Guilt has finally gotten the better of me. It has been too long since I posted a real post. I have been doing a lot of work behind the scenes lately and was really feeling like a slacker. Then I asked myself the big question…how is that any different from being an academic in the digital humanities? We do the work because we love it and it’s our love of the work that keeps us working in a field where much of our labor is invisible. And if people do see us doing certain kinds of work or conducting certain kinds of research they disparage us.
How many times have I had to hear people say “I wish I could play games and call it research?” or even had folks stop by my office and see me gaming with students and holding theoretical conversations about the work that we are doing and had folks think that it was ok to interrupt us and say things like “It must be nice to be able to play games and call it work.” As if I walk by their offices when they are talking to graduate students and interrupt to say “It must be nice to sit around talking about the authenticity of tea cup patterns in the film adaptation of yet another stupid obscure 19th century novel and call it work.” No….I don’t do that and would never think of saying something so rude…even if I was thinking it. And the funny thing is I’m pretty sure no one would ask me that if I were a man. The men in our field who do digital humanities are known as techies, geeks, film guys, etc. No one asks them to validate their scholarship. Is it the medium, sex, or a combination of the two that leaves me open to interrogation?
More than just a rant, this post is directed at other folks who do digital humanities as well (especially graduate students). We have to do a better job of accepting the fact that playing games can be work for us…and that sometimes even if we’re not playing for a specific purpose the knowledge gained while playing can also be a part of our intellectual growth. That is part of the method to the madness for NYMG. This is an intellectual endeavor and a bit of a stress reliever. It gives me a chance to talk to smart people about games and helps me to stay on course with the research that I am doing.Skinner Box and video games? Gates grant and online writing communities. Race, sex, and World of Warcraft? Cs and the article that I am co-authoring with alexlayne. Anything on games in general and learning (in the classroom and learning game tutorials)? My book project. It’s kind of a low stakes way to think through a lot of my ideas.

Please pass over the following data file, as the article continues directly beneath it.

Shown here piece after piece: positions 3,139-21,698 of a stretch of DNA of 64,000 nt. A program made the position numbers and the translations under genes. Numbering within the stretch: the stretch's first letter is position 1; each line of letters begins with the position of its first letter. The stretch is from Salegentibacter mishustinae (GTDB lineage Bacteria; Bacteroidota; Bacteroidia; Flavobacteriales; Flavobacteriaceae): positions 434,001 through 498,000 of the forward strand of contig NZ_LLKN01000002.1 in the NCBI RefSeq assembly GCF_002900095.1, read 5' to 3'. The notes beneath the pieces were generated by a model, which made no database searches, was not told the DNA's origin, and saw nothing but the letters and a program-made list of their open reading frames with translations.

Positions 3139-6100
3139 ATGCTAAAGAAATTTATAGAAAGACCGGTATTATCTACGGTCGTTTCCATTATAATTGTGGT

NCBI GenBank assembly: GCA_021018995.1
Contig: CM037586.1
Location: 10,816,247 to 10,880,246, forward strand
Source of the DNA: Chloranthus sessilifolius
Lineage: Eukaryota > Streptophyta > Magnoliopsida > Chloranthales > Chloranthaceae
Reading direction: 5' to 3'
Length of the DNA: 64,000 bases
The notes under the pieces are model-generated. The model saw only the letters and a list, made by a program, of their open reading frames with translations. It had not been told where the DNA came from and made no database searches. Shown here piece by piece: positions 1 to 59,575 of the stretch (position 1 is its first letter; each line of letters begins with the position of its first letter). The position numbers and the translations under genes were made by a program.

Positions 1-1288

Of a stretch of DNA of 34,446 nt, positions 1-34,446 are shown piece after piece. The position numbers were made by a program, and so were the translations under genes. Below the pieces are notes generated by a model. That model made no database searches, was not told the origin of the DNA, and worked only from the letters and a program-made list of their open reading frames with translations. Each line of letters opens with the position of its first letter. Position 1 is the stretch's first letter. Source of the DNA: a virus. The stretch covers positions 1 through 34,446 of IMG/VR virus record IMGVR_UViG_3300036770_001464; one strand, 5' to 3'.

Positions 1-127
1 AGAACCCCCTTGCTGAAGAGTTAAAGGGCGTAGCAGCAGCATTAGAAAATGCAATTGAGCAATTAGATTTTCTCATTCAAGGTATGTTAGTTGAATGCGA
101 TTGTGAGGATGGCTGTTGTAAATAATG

So, the funny thing is the next time some asshat says “It must be nice to…”, I’m going to say, Why yes, it is. It’s nice to enjoy the work that I do and to know that this work is valuable and applicable outside of a small circle of friends who give a damn about tea cup patterns in period films. I’m just saying.